As illustrated in FIG. 4, the present technique may comprise connecting a device to a port #2, such as connecting camera #2 to port #2, and then initiating the routing system (block 22, e.g., the device routing system 12). For example, in FIG. 5, the ports #1 through #4 are coupled to the switch assembly 14, which is configured such that the ports #1 and #2 are coupled to the controller #1 and the ports #3 and #4 are coupled to the controller #2. In this exemplary embodiment, the configuration illustrated in FIG. 5 is a default configuration for the device routing system 12. Note also that camera #1 is coupled to controller #1 through port #1, and requires 95% of the available bandwidth from the controller #1. For controller #2, the mouse 18 requires 10% and the keyboard 20 requires 7% of the available bandwidth. By coupling the camera #2 to port #2, this balance of required bandwidths versus available bandwidths is disturbed, requiring reconfiguration to ensure sufficient bandwidth for each of the devices. Accordingly, the present technique operates (block 24) to reconfigure the connections between the devices and the controllers.
The device routing system 12 then determines the number (N) of devices and number (M) of controllers present (block 26) in the controller system 10, and determine the number (P=MN) of possible routing configurations (RC) (block 28). As mentioned above, the software 16 may detect the devices and/or the controllers, and begin a routine (block 30) for calculating the optimal configuration for the devices and controllers. For example, the software 16 can store the different possible routing configurations (RC), and then sequentially evaluate the viability of each individual configuration (RCI). Accordingly, the device routing system 12 steps through each of the possible routing configurations (RCI), beginning by determining the bandwidth (block 32) of controller #1 (CI) for the first routing configuration (RCI). The device routing system 12 may then proceed to determine the number (DR) of devices routed to the controller #1 for the first routing configuration (block 34), and start a subroutine for each of the devices (DK) hypothetically routed to the controller #1.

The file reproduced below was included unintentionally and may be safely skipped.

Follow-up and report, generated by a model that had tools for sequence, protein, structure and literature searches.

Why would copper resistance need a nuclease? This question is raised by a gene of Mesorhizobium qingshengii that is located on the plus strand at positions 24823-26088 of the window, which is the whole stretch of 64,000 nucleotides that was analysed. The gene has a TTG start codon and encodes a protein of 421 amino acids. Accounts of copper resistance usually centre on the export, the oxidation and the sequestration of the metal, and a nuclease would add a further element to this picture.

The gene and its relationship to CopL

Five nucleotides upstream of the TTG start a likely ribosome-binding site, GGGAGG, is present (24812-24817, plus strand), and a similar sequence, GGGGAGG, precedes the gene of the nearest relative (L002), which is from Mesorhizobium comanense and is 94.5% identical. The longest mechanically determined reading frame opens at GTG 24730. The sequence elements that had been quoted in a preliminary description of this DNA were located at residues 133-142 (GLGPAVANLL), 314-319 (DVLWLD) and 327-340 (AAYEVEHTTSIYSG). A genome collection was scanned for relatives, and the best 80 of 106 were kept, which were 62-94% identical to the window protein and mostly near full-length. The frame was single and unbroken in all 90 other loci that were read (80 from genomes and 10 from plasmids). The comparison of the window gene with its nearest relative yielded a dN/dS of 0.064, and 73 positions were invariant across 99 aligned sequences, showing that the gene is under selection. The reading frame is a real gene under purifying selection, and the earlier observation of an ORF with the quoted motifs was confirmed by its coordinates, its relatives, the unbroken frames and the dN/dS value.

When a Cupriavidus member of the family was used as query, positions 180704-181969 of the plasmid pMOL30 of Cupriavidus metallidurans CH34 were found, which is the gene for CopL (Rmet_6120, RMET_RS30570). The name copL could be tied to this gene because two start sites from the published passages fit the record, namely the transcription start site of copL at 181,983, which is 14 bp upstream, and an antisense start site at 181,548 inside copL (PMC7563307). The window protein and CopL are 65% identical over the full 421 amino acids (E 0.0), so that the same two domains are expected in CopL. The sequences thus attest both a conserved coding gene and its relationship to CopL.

Furthermore, the present technique determines the bandwidth (block 36) of each of the devices (DK) by detecting the device bandwidth, as discussed above. The device routing system 12 then evaluates whether another device (DK) is coupled to the controller (block 38), and, if so, continues to the next device (block 40) to determine the bandwidth (block 36) of that device. This process continues until all of the device bandwidths have been determined by the device routing system 12.
The technique then determines the total bandwidth (block 42) of devices hypothetically coupled to controller #1 for the first routing configuration (RCI). The device routing system 12 then compares (block 44) the total bandwidth (block 42) with the controller bandwidth (block 32). If the total bandwidth (block 42) is greater than the bandwidth of controller #1, as determined above (block 32), then the device routing system compares (block 46) the number (I) of the current routing configuration (RCI) with the total number (P) of routing configurations (RC). If device routing system 12 has evaluated all of the possible routing configurations, and has found no configurations which ensure that the controller bandwidths are not exceeded by the device bandwidths, then the controller system may be set to a default (block 48) (e.g., as illustrated in FIG. 5). Otherwise, the device routing system 12 may continue (block 50) to the next possible routing configuration RCI, returning to the previous act of determining the bandwidth (block 32) of the controller CJ.